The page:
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March 29, 2016 | Wise Tips to Spend, Save and Invest Your Tax Refund

Adrian Mastracci

Adrian Mastracci, Discretionary Portfolio Manager, B.E.E., MBA. My expertise in the investment and financial advisory profession began in 1972. I graduated with the Bachelor of Electrical Engineering from General Motors Institute in 1971. I then attended the University of British Columbia, graduating with the MBA in 1972. I have attained the “Discretionary Portfolio Manager” professional designation. I am committed to offering clients the highest standard of personal service by providing prompt, courteous and professional attention. My advice is objective, unbiased and without conflicts of interest. I’m part of a team that delivers comprehensive services and best value in managing client wealth.

Let’s examine some wise ways to apply your tax refund in 2016.
There are no shortages of sound possibilities for the personal finances.

Everyone can reap value from these practices.
For example, refunds can be spent, saved and invested.

First park the refund into a saving account to resist impulse, say for 30 days.
It gives you time to reflect and evaluate your needs and options.

Try your best to get lasting value from this worthy source of cash.
Many of the allocations you make are typically not reversible.

Here are my sensible ideas dealing with your tax refund:

Contributing to an RRSP boosts the retirement nest egg.
Topping the TFSA earns more tax-free investment income.

Repaying credit card balances is always a top notch, risk-free allocation.
Trimming a line of credit, mortgage or student loan is desirable.

Donating to a charity of choice is a noble cause.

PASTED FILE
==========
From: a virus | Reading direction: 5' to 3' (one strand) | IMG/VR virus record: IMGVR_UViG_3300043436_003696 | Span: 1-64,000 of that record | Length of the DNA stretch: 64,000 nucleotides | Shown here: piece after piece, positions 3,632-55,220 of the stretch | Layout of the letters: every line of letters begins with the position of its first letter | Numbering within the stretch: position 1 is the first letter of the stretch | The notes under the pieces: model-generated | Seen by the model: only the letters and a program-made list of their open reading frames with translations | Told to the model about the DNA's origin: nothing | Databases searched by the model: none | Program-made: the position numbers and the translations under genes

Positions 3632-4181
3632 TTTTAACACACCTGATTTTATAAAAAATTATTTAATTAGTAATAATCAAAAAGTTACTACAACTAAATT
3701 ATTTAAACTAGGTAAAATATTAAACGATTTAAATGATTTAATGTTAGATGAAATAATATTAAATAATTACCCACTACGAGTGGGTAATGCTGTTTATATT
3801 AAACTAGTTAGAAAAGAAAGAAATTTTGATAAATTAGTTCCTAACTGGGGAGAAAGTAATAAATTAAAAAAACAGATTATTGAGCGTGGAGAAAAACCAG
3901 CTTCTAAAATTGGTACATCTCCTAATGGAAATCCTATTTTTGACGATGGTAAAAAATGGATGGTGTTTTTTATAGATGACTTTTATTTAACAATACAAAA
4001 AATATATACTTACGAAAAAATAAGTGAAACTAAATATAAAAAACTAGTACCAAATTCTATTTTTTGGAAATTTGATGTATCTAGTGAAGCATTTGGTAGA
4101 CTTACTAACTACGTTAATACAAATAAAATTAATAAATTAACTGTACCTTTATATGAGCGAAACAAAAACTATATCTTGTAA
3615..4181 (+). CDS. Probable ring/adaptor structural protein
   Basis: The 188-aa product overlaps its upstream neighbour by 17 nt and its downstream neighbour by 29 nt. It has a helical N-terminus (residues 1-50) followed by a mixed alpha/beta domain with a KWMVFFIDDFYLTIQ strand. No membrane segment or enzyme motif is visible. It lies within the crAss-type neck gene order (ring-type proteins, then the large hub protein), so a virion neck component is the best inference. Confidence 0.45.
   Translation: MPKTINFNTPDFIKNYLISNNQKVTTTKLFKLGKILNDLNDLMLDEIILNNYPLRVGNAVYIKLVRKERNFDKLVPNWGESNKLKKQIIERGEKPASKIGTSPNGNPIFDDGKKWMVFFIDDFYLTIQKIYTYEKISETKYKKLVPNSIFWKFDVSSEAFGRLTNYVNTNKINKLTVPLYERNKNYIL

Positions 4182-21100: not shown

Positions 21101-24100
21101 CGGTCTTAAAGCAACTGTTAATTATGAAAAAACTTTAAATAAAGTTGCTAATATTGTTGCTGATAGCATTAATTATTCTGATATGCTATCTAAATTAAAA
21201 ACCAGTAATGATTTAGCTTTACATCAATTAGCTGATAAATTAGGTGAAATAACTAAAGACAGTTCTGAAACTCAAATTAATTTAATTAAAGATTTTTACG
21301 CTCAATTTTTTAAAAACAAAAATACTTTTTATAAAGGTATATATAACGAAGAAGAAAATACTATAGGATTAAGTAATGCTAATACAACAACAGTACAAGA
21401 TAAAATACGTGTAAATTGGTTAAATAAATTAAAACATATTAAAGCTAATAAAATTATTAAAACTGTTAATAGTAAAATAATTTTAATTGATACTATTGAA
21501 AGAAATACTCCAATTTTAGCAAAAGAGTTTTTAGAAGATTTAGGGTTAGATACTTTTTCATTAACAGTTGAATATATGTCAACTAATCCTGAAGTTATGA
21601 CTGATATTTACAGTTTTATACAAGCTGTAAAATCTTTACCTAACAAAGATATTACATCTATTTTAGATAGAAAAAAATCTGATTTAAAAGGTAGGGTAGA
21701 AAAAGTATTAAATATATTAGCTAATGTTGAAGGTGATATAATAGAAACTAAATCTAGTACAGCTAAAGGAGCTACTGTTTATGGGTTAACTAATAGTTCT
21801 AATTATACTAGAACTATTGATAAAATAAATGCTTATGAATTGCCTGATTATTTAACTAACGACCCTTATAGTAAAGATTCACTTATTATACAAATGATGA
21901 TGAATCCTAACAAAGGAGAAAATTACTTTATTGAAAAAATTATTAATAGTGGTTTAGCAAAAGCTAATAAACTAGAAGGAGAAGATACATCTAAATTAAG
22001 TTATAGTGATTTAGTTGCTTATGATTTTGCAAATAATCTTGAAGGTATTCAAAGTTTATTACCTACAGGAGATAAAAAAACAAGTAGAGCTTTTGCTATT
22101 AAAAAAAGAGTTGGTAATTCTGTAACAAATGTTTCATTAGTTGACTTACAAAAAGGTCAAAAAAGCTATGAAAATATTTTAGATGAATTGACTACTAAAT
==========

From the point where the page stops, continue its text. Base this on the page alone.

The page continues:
Helping out someone less fortunate than you is generous.

Making an RESP deposit helps pay for the rising costs of education.
Examining an RDSP for a special needs family member is unselfish.

Leaving it permanently in your saving account is a choice.
Paying an outstanding bill is an anxiety off your mind.

Rebuilding the emergency account is beneficial.
Expanding your small business capital is worthwhile.

Lending it at the prescribed rate to the low tax bracket spouse.
Assisting an adult child in purchasing a car or residence.

Adding to your investment plan is rewarding.
Spending on your family travel or leisure is also fitting.

Allocating to property renovations such as your home.
Investing in improving your career or education.

Directing funds towards the next income tax instalments.
Starting the accumulation for the upcoming Christmas gift fund.

Now you’re ready to sprinkle the cherished tax refund wisely.
Allocate it according to priorities best suited to your family needs.

Most families pick one to three different allocations.
Your feedback is appreciated.



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March 29th, 2016

Posted In: Adrian Mastracci Blog

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